Are there times when you have bodily sensations, tensions, impulses to move/gesticulate, images, perceptions of yourself and others, ‘moods’, that just seem to come on and feel out of context? Do any of these repeat or recur? What coincides with them do you think – e.g. always first thing in the morning, or when thinking about work, etc.?
Trauma is not an individual experience or an isolated occurrence. It is linked to a set of dynamics – family dynamics, dynamics within a community, and the oppressive systems and ideas in which they have been embedded over time – that enables traumatic events to occur.
Safety from trauma is not an individual or isolated accomplishment. It is linked to a set of dynamics that allow (and disallow) safety to occur. The ability to feel safe organically or without conscious effort or intention as we move about the world is not distributed equally among people: it is a feature and hallmark of privilege in society.
Traumatic stress, cultural resilience to traumatic stress, and the privilege of relatively effortless safety from traumatic stress, are passed on from one generation to another and are felt between people in a micro-moment of interaction. They are transmitted through processes of the mind and body – including the nervous system – that have become habitual or automatic.
Historical moments of trauma that shaped these habits might be erased internally, made invisible externally by systems and discourses of denial, and/or were never encoded as a linear narrative to re-tell. Similarly, the privilege of relatively effortless safety – organic comfort and ease – is ‘naturalized’, the systems that work to enable this safety remain outside of awareness. The habits of mind and body that sensitize us to threat, or that are accustomed to comfort and ease, are decontextualized. They appear static and without their full story as ‘traits’ of personality, family, or culture (Menakem, 2020).
Here is a podcast that locates the neurobiology of traumatic stress, cultural resilience to traumatic stress, and the relatively effortless safety from traumatic stress, within the context of colonization and oppression of Black and Indigenous people:
Somatic practices to become aware of inherited traumatic stress begin around minute 33:00 and again around minute 43:00
Here are other reflective/experiential questions to begin applying these ideas to your own situation. Again, although they are simple, they may bring up strong feelings or otherwise trigger you – it might be helpful to consider them with or alongside the support of a therapist :
Listening to the somatic legacy of trauma and resilience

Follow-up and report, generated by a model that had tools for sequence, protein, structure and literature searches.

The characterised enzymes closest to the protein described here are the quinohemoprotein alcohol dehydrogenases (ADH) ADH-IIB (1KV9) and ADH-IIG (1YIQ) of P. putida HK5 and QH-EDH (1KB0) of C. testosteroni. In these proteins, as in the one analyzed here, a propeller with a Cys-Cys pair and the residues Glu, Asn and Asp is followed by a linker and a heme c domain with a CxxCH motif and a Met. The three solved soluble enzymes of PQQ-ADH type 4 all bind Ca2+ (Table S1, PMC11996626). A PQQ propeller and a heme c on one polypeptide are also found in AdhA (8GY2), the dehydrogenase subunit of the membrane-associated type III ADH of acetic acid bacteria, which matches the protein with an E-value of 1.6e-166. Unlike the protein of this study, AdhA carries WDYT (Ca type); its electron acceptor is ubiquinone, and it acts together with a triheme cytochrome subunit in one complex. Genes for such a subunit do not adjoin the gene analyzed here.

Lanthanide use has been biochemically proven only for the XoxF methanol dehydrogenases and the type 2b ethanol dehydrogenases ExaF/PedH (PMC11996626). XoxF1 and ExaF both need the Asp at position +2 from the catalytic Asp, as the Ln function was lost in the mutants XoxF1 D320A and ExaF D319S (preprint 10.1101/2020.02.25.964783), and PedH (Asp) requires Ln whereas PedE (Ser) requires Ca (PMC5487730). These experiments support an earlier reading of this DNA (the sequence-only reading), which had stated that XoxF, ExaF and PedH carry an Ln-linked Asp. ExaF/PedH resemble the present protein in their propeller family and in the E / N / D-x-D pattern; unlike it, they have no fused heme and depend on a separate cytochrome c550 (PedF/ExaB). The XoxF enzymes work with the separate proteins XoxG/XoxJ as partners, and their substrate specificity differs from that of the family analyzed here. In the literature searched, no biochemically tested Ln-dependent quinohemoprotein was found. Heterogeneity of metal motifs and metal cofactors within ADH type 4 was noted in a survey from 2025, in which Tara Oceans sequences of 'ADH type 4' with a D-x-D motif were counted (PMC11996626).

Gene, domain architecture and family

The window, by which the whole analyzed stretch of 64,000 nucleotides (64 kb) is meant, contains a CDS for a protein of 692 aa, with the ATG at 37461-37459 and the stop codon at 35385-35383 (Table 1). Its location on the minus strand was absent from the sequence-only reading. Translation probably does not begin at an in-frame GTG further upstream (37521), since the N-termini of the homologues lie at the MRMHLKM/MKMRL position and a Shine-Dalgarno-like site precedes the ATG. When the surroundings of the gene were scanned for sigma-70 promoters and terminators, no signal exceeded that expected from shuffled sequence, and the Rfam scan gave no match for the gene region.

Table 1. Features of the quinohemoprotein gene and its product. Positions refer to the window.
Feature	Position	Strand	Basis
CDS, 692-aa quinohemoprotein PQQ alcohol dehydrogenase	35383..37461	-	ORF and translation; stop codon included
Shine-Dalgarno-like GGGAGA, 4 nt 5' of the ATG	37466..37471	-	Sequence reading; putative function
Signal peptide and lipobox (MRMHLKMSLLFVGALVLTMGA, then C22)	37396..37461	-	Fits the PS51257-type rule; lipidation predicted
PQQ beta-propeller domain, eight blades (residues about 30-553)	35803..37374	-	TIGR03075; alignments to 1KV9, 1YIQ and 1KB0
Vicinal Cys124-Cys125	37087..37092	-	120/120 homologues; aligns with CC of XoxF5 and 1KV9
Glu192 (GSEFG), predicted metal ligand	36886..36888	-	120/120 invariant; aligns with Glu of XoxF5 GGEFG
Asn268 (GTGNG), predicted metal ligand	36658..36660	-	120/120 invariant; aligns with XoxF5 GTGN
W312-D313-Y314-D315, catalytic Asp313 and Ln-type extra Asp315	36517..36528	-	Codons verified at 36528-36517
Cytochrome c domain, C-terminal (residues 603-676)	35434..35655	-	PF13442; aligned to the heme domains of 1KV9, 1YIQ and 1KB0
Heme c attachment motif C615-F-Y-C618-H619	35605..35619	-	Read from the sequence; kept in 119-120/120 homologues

Early on, Menakem tells the story of learning about the shape of his grandmother’s hands and its link to slavery and oppression.
Are there body stories that you’ve heard or noticed from the generations before you? Stories that may have been told, maybe in fragments, bits and pieces here and there, or as part of a ‘family mythology’ about the bodily shapes, or ailments, illnesses or conditions, unusual capacities, or other habits of the body that have been understood as ‘characteristic’ of your family?
How has your family made meaning of these? What do you understand and accept, what seems ‘missing’ in this meaning?
Where is your own body in this legacy – what of these shapes, habits etc have you taken on or not taken on – that you notice even today, this moment? What shapes, habits etc does your body take in response to those of others in your family, for example, as you interact with them currently, or remember them even in this moment?
Like the thickening of Menakem’s grandmother’s hands, how do any of these shapes and habits of the body (yours or theirs) express trauma? How might the same shapes and habits express the body’s way of supporting itself through trauma?
Menakem picks up the traumatic stress (constriction) of his grandmother not only in what he sees and feels of her hands, and not only in what she says about them, but in the tone of her voice – the way that she talks about them.
If you think about how an elder, loved one, partner or friend talks about something in their own bodies that expresses or hints about unspoken trauma, what do you notice about them as they’re doing so? About how their bodies are positioned in space, how they move or become tense, flush, speed up, quiet down, avert the eyes, how their voice sharpens, and more? What do you notice within you as you listen to them in this way? What do you and your body ‘want’ to do in response to this?